In the week that the cellist Julian Lloyd Webber said it was “almost irrelevant” to describe the work of modern composers as “classical” music, a report from the BBC Trust into the BBC’s music radio stations is timely.
In assessing the performance of Radio 2, Radio 3, and 6Music, the report implicitly raises similar questions about genres, categories, and the difficulty of drawing lines between one station’s output and another’s. And it is in this context that one has to consider the role of Radio 3 – that most venerable of the BBC’s stations.
Radio 2 and 6Music are the big success stories of BBC radio’s recent years – and it is in their shadow that venerable Radio 3 has begun to toil. Last year 6Music’s audience share overtook Radio 3’s even though 6Music is a digital-only service. It’s the enthusiasm and the discernment with which 6Music reflects the range and diversity of pop’n’rock that is so striking. To listen to 6Music is to realise that “high-brow vs low-brow” is a debate that no longer has any meaning, and that in some ways it can claim to be the new Radio 3. The modern music consumer can happily switch between the two, occasionally coming across the same sounds on both stations.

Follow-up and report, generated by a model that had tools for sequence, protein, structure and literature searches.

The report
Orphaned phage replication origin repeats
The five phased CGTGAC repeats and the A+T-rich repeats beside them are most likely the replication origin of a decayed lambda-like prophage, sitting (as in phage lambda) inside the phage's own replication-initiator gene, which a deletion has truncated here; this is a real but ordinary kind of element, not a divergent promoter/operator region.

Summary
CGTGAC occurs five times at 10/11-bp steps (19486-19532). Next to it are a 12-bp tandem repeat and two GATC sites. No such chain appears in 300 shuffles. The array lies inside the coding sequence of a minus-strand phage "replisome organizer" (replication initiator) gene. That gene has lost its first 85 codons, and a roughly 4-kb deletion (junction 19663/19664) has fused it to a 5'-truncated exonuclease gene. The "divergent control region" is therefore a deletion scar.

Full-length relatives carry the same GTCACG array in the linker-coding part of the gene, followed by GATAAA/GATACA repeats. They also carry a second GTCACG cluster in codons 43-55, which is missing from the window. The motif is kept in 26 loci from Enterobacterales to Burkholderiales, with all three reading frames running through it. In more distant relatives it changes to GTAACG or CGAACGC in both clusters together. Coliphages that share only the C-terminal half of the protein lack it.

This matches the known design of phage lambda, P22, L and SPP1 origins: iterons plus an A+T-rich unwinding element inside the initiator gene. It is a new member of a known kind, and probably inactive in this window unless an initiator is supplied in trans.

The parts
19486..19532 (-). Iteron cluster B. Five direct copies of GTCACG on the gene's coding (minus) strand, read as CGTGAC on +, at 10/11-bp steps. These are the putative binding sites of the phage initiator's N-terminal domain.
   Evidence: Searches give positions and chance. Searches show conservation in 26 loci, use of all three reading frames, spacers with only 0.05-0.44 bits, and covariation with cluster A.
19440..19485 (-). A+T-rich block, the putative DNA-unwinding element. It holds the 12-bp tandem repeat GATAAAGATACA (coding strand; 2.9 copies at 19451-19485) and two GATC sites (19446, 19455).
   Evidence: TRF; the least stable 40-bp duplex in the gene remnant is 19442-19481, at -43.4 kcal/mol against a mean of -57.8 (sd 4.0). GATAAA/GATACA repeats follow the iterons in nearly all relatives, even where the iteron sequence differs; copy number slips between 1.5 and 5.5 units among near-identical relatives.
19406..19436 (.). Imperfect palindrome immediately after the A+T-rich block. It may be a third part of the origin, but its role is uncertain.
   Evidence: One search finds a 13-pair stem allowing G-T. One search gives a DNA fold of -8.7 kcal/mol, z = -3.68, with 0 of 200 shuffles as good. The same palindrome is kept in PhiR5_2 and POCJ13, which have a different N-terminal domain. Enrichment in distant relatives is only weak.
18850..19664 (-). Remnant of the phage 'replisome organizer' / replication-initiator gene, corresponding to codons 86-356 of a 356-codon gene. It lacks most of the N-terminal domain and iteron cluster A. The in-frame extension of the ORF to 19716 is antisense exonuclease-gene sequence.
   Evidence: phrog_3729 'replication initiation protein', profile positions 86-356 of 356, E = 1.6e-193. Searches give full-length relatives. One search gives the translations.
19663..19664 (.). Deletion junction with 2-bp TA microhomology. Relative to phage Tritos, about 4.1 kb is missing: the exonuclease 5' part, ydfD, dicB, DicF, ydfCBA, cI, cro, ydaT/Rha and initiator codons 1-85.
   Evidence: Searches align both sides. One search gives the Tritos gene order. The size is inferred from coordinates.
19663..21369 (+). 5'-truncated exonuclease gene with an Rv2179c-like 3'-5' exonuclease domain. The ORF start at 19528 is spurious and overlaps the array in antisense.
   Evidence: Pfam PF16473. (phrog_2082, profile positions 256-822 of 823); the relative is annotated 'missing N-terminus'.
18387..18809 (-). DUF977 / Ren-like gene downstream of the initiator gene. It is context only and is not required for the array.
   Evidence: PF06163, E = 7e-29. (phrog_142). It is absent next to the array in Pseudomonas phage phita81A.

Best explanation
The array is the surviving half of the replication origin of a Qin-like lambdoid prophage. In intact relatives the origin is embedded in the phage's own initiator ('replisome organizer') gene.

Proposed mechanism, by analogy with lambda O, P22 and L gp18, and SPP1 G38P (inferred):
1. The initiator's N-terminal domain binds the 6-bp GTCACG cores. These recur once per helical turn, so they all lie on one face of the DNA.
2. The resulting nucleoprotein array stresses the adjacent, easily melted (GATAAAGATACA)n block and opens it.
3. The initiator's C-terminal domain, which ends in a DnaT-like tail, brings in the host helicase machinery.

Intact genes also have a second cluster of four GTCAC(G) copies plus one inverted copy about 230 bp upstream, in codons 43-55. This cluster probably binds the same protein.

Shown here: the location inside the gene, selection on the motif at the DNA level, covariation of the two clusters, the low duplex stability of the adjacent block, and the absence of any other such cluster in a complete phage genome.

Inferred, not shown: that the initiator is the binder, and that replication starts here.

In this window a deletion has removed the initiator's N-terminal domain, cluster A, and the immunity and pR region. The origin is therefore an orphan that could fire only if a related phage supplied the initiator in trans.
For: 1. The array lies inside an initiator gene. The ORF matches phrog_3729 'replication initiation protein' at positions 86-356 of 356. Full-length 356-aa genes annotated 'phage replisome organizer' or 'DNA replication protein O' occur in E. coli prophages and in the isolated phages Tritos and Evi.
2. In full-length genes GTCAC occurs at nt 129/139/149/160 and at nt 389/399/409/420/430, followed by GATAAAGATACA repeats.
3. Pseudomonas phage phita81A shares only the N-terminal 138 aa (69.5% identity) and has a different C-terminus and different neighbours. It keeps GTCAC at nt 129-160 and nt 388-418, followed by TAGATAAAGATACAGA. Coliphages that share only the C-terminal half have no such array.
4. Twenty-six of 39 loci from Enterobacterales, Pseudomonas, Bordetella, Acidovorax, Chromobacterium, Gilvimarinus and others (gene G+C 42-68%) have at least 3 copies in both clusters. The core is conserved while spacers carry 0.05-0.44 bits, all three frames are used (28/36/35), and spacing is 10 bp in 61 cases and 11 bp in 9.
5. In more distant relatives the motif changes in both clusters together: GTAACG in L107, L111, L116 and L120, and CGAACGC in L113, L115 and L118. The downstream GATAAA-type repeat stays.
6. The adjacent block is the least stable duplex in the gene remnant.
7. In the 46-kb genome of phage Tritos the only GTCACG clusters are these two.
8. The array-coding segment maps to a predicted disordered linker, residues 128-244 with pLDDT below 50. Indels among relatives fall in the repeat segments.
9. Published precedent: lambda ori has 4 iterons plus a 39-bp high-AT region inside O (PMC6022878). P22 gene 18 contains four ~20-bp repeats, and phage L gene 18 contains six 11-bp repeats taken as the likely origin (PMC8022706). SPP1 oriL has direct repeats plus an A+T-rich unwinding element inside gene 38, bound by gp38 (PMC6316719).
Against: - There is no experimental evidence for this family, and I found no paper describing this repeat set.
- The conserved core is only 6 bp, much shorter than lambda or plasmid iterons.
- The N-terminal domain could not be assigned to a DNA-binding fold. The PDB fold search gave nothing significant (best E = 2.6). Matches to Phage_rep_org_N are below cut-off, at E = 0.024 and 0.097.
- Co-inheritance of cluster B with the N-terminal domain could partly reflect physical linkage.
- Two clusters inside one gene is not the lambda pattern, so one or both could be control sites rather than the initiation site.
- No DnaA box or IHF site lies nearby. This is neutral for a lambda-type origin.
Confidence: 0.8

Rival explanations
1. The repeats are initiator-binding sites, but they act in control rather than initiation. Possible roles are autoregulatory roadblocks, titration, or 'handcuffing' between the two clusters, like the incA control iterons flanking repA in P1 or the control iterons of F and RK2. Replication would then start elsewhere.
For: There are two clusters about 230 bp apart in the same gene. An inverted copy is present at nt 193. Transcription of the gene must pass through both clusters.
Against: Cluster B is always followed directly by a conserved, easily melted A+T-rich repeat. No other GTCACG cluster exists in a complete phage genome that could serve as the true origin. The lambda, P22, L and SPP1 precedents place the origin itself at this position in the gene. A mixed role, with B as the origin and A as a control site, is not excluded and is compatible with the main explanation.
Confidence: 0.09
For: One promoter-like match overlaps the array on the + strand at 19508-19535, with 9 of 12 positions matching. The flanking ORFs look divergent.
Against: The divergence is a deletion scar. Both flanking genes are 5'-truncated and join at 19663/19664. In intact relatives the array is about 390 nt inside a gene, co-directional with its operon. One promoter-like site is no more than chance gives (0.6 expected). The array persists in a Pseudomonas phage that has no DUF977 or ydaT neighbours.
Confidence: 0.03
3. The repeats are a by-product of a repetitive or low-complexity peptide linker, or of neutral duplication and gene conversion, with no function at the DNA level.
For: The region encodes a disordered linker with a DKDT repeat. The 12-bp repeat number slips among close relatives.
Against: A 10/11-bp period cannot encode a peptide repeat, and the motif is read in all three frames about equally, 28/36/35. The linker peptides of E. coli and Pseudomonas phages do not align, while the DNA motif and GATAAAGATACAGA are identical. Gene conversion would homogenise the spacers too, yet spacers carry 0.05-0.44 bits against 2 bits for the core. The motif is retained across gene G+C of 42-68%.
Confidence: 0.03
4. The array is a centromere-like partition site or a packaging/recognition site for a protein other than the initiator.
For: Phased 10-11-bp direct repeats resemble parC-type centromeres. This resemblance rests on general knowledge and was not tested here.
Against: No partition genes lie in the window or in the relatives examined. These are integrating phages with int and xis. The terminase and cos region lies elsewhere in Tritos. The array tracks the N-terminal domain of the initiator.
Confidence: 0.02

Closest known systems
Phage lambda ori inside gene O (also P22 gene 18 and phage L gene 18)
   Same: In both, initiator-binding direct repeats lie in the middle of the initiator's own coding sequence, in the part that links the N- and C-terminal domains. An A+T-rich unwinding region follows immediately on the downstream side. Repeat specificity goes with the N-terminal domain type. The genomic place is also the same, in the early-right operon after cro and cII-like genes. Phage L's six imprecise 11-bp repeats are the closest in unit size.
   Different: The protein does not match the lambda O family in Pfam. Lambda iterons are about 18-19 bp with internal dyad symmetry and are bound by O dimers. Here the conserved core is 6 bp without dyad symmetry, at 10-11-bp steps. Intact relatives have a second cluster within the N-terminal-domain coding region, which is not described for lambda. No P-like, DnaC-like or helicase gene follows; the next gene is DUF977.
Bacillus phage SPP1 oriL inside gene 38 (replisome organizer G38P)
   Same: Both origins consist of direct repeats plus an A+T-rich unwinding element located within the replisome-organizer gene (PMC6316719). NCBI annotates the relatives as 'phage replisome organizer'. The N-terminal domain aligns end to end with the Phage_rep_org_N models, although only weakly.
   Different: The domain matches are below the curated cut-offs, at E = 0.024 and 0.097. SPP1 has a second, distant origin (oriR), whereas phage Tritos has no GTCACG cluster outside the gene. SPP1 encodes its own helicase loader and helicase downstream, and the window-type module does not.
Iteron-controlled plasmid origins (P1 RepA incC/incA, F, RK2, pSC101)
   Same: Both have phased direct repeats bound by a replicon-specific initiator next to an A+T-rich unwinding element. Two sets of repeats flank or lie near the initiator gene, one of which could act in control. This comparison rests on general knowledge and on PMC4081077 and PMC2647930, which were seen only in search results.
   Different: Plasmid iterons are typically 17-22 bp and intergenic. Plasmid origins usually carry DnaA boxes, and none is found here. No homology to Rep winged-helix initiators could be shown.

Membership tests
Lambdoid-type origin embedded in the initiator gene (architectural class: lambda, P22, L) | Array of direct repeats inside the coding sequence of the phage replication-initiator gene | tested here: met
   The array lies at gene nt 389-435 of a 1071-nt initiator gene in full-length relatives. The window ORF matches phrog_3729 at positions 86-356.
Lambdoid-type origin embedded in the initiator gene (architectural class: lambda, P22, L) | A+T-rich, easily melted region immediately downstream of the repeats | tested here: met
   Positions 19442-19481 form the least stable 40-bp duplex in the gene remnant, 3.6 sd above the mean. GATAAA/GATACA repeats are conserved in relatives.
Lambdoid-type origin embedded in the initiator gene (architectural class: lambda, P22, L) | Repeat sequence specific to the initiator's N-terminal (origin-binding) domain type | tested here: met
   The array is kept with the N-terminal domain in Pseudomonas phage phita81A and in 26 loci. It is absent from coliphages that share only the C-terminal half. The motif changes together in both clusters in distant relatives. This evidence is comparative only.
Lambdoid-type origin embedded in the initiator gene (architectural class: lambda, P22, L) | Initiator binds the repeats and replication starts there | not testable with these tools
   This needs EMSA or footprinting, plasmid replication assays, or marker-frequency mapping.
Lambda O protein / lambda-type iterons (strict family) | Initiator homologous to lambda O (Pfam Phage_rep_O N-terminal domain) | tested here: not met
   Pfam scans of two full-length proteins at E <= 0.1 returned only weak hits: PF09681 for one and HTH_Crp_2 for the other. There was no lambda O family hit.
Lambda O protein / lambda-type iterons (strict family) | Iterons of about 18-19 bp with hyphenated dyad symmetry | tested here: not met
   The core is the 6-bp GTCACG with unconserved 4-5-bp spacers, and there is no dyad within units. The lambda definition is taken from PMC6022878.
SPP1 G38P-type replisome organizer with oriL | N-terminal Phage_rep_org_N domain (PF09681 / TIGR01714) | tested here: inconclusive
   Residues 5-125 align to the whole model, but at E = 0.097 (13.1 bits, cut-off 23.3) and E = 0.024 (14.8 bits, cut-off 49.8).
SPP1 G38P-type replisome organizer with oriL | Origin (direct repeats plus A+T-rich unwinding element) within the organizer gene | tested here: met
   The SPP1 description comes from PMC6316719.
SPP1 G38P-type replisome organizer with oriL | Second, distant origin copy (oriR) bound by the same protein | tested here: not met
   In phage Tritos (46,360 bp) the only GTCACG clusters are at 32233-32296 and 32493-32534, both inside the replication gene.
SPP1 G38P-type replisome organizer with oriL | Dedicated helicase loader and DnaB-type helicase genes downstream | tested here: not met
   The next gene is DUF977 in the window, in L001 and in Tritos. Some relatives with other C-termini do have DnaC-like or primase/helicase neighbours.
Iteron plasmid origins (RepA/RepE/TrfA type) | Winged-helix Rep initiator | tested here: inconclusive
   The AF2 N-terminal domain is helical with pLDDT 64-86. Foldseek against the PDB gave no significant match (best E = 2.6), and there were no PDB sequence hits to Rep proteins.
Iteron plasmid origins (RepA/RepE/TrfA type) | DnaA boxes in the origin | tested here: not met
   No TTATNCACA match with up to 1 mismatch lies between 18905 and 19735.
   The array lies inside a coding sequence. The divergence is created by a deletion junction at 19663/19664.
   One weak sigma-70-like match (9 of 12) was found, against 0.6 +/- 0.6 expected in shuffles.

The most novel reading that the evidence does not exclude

This leaves Radio 3 facing a challenge. Certainly the BBC Trust’s recommendation that the station shed all aspects of its output that might be available on Classic FM made for welcome reading, because the last thing it should be doing is trotting out old favourites in order to sound like something else. That’s not to say we want a wilfully obscure Radio 3, just a thrillingly eclectic one that both guards the classical tradition and builds a new one through the sheer intelligence and originality of its output.Reuse content